Why should voters vote no on the recall?

The reason why they should vote no is what they’re [recall proponents] saying are half-truths. The only reason they’re trying to recall me is because I’m not bought and paid for and I never will be. If the citizens want to find out the truth with the proof, they can visit They want to fire the city manager and I won’t let that happen as long as I’m in office. He’s doing a wonderful job! Staff morale is at an all-time high. The past people in charge of this city have been protecting special interest; that is the only reason they are trying to recall me.


I am a Hanford ‘boomeranger’ — was born and raised here, moved away and have come back.

Stops along the way included Stanford University; Washington, D.C.; Silicon Valley; San Francisco and Harris Ranch. I moved to downtown Hanford two years ago from Fresno County, having raised two children, co-found and helped run an ag-based brokerage and provided leadership to various educational, religious and governmental not-for-profits. I have raised more than $1 million for charity and am currently filling multiple roles at my District D-based church, First Presbyterian, including Awana Bible teacher, board secretary and choir member.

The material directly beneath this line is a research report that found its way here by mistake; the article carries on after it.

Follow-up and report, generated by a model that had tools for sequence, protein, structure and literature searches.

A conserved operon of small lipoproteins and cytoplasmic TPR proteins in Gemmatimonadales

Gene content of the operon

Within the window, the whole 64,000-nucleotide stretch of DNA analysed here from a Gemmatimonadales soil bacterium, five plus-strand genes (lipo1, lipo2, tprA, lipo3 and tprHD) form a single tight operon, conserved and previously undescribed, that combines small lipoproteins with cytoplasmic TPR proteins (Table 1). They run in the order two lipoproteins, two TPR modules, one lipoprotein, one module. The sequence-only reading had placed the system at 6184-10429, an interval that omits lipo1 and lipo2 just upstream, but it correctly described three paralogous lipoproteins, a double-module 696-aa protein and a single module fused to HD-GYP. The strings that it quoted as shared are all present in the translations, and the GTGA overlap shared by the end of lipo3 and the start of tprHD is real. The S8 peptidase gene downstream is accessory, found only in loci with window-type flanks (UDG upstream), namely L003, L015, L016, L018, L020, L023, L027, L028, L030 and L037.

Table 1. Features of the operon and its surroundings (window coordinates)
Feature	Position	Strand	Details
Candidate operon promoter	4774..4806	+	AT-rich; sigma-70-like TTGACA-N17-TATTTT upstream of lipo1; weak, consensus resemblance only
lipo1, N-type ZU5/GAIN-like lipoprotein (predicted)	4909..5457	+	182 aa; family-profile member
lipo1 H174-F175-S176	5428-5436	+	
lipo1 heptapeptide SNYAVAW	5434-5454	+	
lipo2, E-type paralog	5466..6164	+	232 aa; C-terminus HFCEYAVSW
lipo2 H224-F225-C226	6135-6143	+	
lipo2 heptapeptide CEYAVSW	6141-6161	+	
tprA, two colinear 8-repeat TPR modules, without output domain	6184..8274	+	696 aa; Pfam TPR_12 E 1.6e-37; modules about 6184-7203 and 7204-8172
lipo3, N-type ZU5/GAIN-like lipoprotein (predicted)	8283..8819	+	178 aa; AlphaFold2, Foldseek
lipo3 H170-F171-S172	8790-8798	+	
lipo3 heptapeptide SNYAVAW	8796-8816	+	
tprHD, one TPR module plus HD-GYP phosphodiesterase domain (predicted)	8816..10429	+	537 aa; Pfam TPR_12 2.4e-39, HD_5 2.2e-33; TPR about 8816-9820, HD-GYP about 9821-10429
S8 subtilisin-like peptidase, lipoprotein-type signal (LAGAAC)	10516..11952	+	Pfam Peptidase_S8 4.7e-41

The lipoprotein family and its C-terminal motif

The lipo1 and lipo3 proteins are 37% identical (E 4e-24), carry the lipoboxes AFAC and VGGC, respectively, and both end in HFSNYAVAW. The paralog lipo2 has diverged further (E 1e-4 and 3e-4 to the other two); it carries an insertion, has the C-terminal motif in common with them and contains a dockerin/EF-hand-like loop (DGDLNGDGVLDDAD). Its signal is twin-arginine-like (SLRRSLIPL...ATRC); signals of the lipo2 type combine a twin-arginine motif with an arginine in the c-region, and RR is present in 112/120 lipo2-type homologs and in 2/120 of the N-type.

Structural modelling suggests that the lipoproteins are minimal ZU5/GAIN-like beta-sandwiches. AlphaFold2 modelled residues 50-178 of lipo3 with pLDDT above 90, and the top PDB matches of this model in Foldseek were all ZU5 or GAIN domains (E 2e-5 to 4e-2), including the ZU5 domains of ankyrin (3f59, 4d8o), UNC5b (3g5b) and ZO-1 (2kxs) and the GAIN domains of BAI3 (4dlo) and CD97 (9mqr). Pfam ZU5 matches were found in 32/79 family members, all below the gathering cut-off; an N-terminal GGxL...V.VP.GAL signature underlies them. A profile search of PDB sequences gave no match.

Contact: email at, phone/text at 905-0040, Facebook at “Sharp for Hanford City Council” and Hanford P.O. Box 1514 (zip 93232).

Why are you running for office?

Public policy and good government have long been strong interests, though competing for office as a political candidate is something new. (The last time I won an election in Hanford, I was voted “Girl Most Likely to Succeed” by my classmates in the Hanford High Class of 1981.)